Since then, WKS, which stands for “We Know Success,” has grown to become the largest franchisee in the El Pollo Loco and Krispy Kreme systems and is also one of the largest operators in the Denny’s and Blaze Pizza brands. About 60 percent of WKS restaurants are in its home state of California with additional concentrations in Arizona, Illinois, Missouri, Nebraska, Utah, New Mexico and Wisconsin.

Building a Team

When Spongberg started out, the small scale of the company afforded him direct involvement in each restaurant’s operation. But as the company grew it required systems and training to maintain its high operating standards. District managers were hired to oversee groups of restaurants and a separate vice president now manages each brand.

“It takes a team to run the number of restaurants that we have and our team is really outstanding,” Spongberg says. “What makes us successful is our people, and the outstanding management team we’ve put together.”

That team has evolved over the years as WKS has grown. The company’s first CFO was also its controller and focused mostly on accounting. By the time it reached 45 restaurants in the mid-2000s its support center team was struggling to provide the same level of service to the restaurants and to finance its growth. The company’s growth began to plateau.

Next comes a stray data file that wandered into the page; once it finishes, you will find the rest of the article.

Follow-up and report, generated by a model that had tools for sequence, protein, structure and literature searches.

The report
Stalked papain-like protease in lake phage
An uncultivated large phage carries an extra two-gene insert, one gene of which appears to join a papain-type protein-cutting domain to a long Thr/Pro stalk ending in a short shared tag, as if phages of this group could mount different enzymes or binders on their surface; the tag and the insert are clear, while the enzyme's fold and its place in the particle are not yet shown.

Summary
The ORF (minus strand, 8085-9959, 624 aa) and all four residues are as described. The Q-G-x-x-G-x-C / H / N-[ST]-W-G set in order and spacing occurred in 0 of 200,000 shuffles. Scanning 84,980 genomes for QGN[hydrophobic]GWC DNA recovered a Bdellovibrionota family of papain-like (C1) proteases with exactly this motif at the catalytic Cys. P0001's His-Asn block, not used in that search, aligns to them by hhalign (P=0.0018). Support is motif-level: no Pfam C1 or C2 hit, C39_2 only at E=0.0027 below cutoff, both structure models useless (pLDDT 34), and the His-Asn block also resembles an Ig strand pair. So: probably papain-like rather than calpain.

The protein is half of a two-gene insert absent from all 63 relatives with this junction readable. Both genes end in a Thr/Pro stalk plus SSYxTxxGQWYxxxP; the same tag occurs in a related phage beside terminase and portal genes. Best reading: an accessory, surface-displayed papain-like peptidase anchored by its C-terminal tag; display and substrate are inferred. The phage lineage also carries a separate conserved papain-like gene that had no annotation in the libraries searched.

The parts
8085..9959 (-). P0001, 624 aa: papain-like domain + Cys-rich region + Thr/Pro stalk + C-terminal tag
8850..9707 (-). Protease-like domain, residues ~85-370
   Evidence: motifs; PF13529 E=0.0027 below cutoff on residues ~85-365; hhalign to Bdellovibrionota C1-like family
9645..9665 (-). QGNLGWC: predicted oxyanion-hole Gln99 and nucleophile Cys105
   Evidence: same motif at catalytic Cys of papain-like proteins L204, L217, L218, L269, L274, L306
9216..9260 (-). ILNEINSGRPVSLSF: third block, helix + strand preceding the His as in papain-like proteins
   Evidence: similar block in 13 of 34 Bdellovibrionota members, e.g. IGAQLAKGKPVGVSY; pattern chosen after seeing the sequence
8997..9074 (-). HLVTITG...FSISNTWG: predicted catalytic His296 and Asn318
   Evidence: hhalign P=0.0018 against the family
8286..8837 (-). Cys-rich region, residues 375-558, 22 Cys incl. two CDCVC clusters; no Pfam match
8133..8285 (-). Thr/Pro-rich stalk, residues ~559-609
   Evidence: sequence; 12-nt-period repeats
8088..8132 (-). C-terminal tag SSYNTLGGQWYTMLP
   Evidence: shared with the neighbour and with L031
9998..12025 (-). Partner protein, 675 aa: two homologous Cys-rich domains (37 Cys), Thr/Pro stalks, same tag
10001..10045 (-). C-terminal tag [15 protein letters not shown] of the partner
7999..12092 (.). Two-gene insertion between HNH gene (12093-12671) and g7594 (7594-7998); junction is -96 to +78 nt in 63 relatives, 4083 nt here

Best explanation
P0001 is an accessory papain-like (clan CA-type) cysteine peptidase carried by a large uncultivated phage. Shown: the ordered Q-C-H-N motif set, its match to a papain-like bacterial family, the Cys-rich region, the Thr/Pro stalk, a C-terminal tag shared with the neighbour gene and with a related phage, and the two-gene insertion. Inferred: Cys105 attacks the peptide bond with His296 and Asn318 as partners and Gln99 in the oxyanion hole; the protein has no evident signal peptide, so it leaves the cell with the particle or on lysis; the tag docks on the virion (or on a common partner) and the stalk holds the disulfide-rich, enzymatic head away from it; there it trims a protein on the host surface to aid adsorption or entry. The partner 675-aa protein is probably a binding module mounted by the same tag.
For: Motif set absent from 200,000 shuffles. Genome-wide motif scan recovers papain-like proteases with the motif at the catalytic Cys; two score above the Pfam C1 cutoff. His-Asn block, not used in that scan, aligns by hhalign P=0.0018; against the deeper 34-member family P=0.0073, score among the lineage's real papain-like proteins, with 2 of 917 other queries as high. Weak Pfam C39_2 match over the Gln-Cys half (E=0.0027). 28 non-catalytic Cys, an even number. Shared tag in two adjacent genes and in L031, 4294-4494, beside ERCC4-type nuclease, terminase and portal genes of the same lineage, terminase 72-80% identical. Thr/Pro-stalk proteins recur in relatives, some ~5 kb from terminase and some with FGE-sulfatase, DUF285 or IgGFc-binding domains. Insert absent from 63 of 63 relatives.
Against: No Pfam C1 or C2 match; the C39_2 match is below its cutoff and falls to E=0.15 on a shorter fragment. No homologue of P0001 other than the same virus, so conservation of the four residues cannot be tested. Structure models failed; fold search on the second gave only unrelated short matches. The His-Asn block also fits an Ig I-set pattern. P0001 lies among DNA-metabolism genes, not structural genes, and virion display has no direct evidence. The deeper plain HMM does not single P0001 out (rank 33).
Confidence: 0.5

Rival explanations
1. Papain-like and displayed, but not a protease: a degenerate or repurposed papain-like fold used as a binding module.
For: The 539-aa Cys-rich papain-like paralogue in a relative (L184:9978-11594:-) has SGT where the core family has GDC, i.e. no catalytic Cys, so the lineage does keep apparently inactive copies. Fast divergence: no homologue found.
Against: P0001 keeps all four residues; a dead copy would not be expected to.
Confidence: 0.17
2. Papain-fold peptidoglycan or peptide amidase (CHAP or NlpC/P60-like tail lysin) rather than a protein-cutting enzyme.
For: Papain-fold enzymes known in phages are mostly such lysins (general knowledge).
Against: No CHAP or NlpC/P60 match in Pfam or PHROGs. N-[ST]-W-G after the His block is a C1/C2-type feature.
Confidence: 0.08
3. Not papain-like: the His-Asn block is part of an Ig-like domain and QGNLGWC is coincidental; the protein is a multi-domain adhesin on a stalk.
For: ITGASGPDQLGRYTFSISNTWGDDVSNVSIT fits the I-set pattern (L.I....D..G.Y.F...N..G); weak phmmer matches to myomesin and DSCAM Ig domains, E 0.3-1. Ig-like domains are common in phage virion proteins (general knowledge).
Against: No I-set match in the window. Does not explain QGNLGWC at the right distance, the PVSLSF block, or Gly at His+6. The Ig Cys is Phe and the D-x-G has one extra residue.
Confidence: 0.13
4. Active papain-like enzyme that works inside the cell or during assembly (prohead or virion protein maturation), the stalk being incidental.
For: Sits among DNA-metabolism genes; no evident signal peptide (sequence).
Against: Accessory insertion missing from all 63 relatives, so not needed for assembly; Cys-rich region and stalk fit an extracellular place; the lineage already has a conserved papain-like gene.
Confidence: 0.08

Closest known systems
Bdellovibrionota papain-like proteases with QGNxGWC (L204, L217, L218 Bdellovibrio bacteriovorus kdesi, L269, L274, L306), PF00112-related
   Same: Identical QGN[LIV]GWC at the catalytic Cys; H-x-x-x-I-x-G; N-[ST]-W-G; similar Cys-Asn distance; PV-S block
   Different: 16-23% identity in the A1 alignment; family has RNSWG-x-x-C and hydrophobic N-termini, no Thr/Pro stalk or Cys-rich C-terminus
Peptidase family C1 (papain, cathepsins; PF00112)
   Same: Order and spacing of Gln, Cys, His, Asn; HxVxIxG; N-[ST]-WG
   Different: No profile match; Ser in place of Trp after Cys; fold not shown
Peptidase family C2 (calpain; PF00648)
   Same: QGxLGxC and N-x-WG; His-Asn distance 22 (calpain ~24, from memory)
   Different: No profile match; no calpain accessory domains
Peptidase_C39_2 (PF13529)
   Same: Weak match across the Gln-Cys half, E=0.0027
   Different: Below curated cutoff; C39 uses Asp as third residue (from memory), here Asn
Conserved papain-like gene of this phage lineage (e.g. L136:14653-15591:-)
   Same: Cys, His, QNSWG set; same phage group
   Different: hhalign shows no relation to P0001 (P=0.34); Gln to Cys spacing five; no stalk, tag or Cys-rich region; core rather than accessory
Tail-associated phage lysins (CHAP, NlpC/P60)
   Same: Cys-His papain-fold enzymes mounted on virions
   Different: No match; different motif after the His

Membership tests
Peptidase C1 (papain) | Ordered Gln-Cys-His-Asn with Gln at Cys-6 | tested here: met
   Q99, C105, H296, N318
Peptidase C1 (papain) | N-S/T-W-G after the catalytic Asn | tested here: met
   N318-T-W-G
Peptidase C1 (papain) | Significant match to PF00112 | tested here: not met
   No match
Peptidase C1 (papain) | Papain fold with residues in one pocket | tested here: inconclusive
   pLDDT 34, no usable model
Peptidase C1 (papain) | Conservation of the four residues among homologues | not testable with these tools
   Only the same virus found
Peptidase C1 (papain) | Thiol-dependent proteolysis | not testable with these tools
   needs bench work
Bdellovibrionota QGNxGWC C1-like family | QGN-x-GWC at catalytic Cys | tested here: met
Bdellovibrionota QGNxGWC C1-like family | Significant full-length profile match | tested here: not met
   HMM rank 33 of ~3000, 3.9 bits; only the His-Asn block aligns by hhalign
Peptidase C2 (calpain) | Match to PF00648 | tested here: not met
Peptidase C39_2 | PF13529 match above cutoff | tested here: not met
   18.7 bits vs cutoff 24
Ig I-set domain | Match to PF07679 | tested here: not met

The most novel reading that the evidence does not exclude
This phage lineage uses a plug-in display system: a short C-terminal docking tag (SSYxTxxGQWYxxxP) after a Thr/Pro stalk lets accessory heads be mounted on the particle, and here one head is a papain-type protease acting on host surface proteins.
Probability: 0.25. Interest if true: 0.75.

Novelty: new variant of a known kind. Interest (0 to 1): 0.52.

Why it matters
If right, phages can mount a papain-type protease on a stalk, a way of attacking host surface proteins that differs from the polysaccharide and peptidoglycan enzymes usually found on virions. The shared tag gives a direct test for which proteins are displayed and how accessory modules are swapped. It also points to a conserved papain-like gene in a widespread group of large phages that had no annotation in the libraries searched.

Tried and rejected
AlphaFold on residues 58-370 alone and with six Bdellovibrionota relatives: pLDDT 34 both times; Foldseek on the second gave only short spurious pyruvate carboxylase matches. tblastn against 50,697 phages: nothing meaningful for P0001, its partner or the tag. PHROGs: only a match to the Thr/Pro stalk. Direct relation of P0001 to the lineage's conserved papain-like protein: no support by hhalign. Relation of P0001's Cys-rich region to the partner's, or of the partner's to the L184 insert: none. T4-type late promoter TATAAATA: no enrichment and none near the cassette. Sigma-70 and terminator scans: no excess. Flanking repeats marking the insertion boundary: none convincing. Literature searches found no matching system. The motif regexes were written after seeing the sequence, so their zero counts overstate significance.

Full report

Spongberg realized he needed a change to enable the next stage of expansion because everyone on his team had started out at WKS and lacked experience working in a leadership capacity in a larger company. So he hired Matt McGuinness, a former CFO at two of his franchisors, El Pollo Loco and Denny’s, with public company experience as CFO of Diedrich Coffee. “I looked for someone with the experience to help me take the WKS to the next level,” Spongberg says. “Matt was instrumental in helping us go from 45 restaurants to 125 and he shares my belief our best growth opportunities are still ahead of us.”

Another key member of the WKS team is Jay Spongberg, chief operating officer and Roland Spongberg’s oldest son. Jay Spongberg’s accomplishments in his 17 years with WKS include leading the implementation of the MAP management system, developing an outstanding group of operations leaders and driving WKS’ five core values throughout the organization.